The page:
"Socioeconomically, the groups were identical, even a few years down the line," he says.

So while the actual God may be different, the role of that God may provide a similar structure for both Jews and Catholics, says Crohn.

“I would be interested how to see how many Jews who intermarry with Catholics attend synagogue,” says Crohn.

“For some couples, it is that religiosity that some people see as a conflict, but it often it is a bridge.” Traditional proximity between Jews and Catholics is a result of parallel immigration patterns, explains Rabbi Blecher.

A majority of the Jews--as well as a good number of the Catholics--in the United States are descendants of European immigrants who came to the United States in the early part of the 20th Century.

April, 2008 A recent landmark study of Americans' religious behavior confirmed what many observers of intermarriage have often suggested, but never proven: when Jews intermarry, they disproportionately marry Catholics. "This is something that everyone has known for years," says Rabbi Arthur Blecher, who noted the trend in last year's The New American Judaism: The Way Forward on Challenging Issues from Intermarriage to Jewish Identity. "Jews are concentrated in the Northeast, and so are Catholics," he says. I can't say that the Jews have any special affection for people who are Catholic." Melissa and Karl Simon of Reston, Va., are a case in point. Even with different religious backgrounds, "I think our families had the same values," says Melissa Simon.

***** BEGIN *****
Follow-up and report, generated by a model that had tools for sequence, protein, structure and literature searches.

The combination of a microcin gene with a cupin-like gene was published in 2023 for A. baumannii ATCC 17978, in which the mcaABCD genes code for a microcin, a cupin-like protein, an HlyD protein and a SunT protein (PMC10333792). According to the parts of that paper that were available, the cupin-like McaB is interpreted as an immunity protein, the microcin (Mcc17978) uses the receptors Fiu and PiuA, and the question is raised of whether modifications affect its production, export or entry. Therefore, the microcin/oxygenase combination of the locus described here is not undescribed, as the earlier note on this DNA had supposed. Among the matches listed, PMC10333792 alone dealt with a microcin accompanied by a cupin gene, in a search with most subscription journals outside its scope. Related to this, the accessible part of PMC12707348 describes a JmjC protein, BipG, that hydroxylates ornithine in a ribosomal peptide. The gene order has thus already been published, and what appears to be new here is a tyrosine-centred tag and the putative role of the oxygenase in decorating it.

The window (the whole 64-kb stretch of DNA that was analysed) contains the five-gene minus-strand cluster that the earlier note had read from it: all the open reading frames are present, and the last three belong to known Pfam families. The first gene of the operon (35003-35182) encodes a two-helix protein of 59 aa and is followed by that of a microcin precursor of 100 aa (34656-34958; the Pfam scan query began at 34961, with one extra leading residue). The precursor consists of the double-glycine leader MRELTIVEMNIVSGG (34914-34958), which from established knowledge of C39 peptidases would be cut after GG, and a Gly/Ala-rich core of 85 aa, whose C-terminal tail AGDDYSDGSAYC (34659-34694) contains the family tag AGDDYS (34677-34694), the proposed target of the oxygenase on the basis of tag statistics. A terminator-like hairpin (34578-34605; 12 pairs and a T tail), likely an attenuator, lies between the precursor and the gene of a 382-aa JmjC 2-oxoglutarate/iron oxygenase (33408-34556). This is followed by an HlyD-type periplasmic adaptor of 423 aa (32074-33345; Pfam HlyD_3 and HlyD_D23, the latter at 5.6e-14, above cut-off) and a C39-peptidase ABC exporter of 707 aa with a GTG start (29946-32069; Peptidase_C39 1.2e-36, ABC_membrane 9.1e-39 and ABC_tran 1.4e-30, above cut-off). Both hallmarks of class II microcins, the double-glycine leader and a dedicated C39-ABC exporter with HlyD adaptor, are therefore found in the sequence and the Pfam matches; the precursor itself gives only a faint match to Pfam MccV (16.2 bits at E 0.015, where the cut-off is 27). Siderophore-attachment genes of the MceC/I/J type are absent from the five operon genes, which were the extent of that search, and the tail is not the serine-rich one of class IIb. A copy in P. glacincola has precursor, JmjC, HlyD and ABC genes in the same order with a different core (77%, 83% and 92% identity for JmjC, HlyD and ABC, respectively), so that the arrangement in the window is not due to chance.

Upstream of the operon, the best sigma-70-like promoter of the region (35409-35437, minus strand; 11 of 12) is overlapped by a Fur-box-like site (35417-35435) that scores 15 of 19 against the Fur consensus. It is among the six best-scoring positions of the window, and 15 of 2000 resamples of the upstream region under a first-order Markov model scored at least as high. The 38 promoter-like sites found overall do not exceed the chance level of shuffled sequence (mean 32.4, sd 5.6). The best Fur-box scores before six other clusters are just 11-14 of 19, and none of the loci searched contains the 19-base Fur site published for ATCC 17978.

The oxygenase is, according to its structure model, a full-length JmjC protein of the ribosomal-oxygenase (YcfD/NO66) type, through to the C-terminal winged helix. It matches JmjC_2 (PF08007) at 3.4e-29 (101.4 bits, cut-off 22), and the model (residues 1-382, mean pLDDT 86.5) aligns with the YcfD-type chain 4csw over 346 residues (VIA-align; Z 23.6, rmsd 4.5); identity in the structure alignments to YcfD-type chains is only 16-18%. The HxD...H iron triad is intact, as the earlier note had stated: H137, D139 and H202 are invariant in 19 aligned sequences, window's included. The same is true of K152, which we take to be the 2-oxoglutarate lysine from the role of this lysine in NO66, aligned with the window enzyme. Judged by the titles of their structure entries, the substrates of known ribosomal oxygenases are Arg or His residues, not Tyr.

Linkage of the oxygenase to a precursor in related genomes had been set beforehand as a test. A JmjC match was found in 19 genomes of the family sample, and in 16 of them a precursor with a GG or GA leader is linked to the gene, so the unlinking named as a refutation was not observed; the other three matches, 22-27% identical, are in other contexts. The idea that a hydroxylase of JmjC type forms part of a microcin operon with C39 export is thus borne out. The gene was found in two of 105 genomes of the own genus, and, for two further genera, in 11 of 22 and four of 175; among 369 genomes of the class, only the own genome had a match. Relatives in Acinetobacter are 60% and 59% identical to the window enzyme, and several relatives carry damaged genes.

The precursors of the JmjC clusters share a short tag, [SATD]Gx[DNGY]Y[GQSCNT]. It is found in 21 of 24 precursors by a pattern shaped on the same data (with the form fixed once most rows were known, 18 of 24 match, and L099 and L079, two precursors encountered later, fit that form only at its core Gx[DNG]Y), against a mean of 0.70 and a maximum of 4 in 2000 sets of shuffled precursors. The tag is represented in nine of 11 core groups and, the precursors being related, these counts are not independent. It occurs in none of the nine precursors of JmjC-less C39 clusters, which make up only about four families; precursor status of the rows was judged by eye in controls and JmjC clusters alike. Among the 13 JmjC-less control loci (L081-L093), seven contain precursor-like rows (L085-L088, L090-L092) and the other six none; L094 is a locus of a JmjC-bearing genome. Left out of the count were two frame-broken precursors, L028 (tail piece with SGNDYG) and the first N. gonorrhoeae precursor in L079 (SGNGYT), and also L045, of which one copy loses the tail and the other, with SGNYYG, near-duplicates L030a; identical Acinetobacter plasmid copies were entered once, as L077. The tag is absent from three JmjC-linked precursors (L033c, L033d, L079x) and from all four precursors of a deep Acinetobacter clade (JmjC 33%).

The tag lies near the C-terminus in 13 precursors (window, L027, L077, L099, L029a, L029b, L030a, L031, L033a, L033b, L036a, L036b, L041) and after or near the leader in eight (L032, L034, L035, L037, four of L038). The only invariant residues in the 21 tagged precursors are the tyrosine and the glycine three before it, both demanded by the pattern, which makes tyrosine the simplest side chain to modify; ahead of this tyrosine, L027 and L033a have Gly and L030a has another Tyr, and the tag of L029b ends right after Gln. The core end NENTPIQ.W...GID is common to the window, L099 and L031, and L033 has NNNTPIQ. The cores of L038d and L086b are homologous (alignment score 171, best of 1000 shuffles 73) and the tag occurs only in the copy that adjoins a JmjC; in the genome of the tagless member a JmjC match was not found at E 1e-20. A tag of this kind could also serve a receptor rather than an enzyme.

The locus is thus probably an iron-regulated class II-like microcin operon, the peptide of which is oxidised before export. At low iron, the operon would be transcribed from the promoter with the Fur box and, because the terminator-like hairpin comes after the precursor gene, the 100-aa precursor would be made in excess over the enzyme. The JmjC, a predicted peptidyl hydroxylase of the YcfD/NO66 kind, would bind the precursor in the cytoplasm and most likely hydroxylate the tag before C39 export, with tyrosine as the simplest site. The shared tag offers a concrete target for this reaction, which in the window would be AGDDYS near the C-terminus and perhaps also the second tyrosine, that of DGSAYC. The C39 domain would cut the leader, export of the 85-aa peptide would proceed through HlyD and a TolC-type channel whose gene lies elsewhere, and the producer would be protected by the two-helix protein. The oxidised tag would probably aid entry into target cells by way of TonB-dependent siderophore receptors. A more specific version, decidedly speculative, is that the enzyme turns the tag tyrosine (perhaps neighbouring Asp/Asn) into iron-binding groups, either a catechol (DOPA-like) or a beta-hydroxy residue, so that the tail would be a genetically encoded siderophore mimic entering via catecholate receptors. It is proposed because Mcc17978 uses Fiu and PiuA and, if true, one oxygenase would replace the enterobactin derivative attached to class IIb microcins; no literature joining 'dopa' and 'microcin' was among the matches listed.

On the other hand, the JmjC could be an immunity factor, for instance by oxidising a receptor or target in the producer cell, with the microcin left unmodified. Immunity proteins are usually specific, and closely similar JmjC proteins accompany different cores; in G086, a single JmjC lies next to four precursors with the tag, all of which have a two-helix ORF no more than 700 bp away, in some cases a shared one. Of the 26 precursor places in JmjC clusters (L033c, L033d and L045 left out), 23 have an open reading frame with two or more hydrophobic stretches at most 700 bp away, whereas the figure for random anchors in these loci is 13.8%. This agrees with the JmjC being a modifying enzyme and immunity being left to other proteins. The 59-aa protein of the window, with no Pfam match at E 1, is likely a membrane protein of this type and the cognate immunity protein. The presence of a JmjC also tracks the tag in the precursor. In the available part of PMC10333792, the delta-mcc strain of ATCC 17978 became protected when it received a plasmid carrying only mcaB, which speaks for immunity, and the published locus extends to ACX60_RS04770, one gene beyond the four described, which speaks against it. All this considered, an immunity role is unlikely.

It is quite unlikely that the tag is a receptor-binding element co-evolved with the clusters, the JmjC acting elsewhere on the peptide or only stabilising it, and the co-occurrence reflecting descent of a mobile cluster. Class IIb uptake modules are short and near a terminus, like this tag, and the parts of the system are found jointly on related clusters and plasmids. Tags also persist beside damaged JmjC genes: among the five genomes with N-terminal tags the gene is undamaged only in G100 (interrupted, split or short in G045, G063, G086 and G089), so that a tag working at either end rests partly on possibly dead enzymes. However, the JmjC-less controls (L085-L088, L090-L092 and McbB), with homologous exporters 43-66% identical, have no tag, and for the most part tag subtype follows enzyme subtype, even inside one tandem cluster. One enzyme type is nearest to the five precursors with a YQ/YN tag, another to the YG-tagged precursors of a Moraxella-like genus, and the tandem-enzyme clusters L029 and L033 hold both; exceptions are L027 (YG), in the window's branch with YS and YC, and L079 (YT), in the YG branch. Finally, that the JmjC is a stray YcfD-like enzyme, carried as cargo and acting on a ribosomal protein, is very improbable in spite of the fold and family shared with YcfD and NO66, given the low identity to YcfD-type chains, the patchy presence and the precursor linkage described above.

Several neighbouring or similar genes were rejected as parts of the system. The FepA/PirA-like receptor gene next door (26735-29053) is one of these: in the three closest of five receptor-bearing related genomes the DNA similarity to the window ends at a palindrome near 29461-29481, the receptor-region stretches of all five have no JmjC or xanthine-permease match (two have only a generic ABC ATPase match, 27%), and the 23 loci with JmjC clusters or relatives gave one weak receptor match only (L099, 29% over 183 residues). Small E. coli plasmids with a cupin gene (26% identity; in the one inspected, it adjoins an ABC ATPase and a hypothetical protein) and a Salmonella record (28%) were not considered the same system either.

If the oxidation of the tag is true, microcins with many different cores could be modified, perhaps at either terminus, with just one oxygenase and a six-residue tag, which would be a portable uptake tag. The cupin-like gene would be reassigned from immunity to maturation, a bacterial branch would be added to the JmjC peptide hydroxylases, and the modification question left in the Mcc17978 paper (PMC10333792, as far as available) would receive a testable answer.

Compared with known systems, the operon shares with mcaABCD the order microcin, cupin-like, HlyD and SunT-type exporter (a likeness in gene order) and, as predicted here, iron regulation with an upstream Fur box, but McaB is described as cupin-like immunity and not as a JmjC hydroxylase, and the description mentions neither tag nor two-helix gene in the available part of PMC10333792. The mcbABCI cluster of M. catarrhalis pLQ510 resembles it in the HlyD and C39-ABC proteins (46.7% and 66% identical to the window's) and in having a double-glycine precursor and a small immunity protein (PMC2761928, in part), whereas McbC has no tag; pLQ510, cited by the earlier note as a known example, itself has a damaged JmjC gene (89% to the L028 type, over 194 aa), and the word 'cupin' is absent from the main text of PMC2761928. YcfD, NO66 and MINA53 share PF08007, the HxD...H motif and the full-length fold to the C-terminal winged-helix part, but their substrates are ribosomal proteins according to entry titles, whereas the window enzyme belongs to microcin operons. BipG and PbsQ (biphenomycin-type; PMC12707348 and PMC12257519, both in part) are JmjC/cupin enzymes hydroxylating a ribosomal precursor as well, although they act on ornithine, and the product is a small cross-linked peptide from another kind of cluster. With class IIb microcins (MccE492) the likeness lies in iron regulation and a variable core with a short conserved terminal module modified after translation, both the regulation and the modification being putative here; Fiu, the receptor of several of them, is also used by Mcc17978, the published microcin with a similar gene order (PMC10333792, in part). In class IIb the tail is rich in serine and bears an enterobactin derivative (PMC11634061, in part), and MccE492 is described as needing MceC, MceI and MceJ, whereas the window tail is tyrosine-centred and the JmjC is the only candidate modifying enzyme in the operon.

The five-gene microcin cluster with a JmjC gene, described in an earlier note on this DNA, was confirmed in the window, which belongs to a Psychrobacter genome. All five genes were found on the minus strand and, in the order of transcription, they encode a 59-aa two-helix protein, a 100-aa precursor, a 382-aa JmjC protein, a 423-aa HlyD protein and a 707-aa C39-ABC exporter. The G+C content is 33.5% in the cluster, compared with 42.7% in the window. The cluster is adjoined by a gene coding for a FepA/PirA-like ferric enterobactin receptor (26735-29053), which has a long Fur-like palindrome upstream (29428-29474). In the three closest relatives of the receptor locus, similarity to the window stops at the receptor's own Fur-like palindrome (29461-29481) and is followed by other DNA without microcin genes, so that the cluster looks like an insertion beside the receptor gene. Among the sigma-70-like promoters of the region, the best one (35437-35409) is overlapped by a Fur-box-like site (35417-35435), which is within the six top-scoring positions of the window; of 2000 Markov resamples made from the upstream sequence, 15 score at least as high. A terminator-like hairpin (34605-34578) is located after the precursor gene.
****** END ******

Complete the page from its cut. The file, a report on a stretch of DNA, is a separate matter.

Religion Landscape Survey conducted by the Pew Forum on Religion & Public Life, 39% of intermarried Jews are married to Catholics, even though Protestants outnumber Catholics in the U. Overall, slightly less than a third of all married Jews are intermarried. It is not as though the Jews are saying 'Gee, I would like to marry a Catholic…'" While no one has formally studied the question, sociologist Steven Cohen, a professor at New York's Hebrew Union College-Jewish Institute of Religion, boils the phenomenon down to one word: geography. Only 23% of intermarried Jews are married to Protestants.Melissa, who is Jewish, and Karl, who is Catholic, met more than 20 years ago, when they lived near one another during high school near Providence, R. Since every family has its own traditions, structure and quirks, it is hard to say what similarities certain couples find in their backgrounds, says psychologist Joel Crohn, author of the book Mixed Matches However, in many cases, Jewish families and Catholic families have an emphasis on religious rituals such as attending services, hosting holiday dinners and saying prayers."It takes more than a few generations to change patterns, whether it is voting or marriage," he says.What has changed through the generations, though, is the general acceptance of interfaith marriage in most families, says Rabbi Blecher."Fewer people want to alienate their children over intermarriage." Some of the same challenges remain, however.